Andrew Osmond remembers the man who did it all
For anyone interested in animation, the name of Jimmy Murakami crops up here, there and everywhere. He supervised one of the most famous British cartoons ever made, The Snowman, then nuked Blighty in When the Wind Blows. He witnessed the first days of modern anime in the 1960s, and the artistic frontier of US cartoons at the UPA studio. In live-action, he directed the fondly-remembered space opera Battle Beyond the Stars, working with an effects tyke called James Cameron.
But his was not just a life lived in movies. When Murakami was seven years old, he and his family – American citizens living in California – were among thousands of Japanese imprisoned at an internment camp after Pearl Harbor. Murakami’s older sister died there. One of America’s most disgraceful episodes, the internment is the focus of the feature documentary, Jimmy Murakami Non-Alien, in which the animator reflected on what happened and how it changed him.
On a historic level, the story can never be told too often. In the film, Murakami remembered how the camp experience convinced him, as a child not yet ten, that he should blow himself up for Japan if it invaded America; the same beliefs, he noted, are being “embedded” in oppressed peoples across the world today. For readers interested in that time, the Japanese American National Museum in Los Angeles records the history in vivid depth. “It’s frightening, it’s so real,” Murakami said. “They pulled out the whole history of my family, it was all there. There was a period when J. Edgar Hoover made sure that he had a record of every so-called non-alien. That’s why we were in prison. We were put in a category where we were not American citizens (so they didn’t have to try us), but non-aliens.” The experience recurs in some of his paintings (below).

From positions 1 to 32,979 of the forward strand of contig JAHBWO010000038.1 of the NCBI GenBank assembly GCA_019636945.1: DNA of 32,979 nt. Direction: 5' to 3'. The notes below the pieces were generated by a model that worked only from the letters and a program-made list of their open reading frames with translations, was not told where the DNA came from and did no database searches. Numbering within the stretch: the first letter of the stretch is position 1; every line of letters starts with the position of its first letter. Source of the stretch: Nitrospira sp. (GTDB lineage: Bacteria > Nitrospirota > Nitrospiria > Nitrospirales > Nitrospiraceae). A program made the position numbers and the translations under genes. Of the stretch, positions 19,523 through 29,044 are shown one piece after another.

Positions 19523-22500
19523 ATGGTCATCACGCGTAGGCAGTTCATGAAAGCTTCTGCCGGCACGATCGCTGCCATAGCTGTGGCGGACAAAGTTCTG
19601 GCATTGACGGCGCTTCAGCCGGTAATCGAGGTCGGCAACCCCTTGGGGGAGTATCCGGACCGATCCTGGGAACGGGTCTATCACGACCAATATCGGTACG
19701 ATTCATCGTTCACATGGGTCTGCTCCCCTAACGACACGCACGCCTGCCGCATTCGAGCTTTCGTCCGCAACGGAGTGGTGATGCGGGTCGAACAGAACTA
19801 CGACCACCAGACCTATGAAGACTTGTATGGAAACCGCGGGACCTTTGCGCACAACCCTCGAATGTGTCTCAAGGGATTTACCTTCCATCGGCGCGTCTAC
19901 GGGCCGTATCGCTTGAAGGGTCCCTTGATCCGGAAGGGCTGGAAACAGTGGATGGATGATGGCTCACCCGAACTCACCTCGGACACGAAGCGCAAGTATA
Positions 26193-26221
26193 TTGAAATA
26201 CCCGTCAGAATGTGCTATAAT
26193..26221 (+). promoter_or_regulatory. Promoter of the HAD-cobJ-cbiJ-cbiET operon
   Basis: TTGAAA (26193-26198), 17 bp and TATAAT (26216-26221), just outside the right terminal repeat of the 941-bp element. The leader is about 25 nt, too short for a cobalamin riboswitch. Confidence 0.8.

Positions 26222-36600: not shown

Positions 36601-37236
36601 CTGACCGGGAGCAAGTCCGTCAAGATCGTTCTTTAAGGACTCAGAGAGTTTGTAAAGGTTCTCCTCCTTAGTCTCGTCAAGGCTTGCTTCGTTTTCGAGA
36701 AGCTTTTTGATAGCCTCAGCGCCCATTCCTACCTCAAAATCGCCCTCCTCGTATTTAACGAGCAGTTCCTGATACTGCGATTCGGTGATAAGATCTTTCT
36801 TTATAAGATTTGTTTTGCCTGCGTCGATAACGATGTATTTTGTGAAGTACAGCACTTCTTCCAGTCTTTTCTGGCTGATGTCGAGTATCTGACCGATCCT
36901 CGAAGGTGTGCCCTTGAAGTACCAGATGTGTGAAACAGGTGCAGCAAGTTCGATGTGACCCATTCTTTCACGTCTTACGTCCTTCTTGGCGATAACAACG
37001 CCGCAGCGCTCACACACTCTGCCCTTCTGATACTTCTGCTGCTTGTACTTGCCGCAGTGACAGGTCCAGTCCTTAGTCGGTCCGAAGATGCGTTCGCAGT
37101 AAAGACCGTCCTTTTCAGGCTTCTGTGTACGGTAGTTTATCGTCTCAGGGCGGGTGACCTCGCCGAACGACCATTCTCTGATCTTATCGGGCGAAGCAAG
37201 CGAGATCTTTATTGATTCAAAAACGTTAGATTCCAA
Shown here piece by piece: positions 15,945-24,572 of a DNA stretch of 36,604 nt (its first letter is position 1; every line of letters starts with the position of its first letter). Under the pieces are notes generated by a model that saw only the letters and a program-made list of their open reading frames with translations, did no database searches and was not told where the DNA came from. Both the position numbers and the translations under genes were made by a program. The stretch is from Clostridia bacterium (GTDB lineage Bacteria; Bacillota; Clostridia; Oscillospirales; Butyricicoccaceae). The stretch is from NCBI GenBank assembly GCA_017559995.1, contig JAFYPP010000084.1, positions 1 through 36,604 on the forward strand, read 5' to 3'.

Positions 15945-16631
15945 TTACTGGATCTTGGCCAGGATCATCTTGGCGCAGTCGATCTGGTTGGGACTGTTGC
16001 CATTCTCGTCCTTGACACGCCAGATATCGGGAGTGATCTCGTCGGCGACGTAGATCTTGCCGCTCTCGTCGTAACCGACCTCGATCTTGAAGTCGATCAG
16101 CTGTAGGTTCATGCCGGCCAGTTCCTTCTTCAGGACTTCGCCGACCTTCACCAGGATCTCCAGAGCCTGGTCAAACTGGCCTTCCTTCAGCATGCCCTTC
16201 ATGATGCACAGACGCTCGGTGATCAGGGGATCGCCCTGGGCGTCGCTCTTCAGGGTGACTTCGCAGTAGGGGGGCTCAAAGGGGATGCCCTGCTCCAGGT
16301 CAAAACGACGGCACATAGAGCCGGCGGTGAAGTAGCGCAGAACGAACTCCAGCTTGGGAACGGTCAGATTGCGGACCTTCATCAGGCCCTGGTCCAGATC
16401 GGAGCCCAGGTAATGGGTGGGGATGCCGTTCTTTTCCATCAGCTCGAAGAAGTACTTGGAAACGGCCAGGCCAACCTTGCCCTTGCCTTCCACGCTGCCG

On a personal level, though, Murakami pointed out that the documentary “emphasises the negative” in his long life. When he had time between his other projects he worked on an autobiography to redress the balance (“a ton of work”), taking in the different phases of his career. For anime fans, one of the most intriguing is Murakami’s brief time at the Toei studio in the 1960s. This was a seminal moment for Japanese animation, transforming from a pre-war cottage industry into the mass-medium we know now. Toei set up a department to make animated feature films, starting with Legend of the White Serpent in 1958.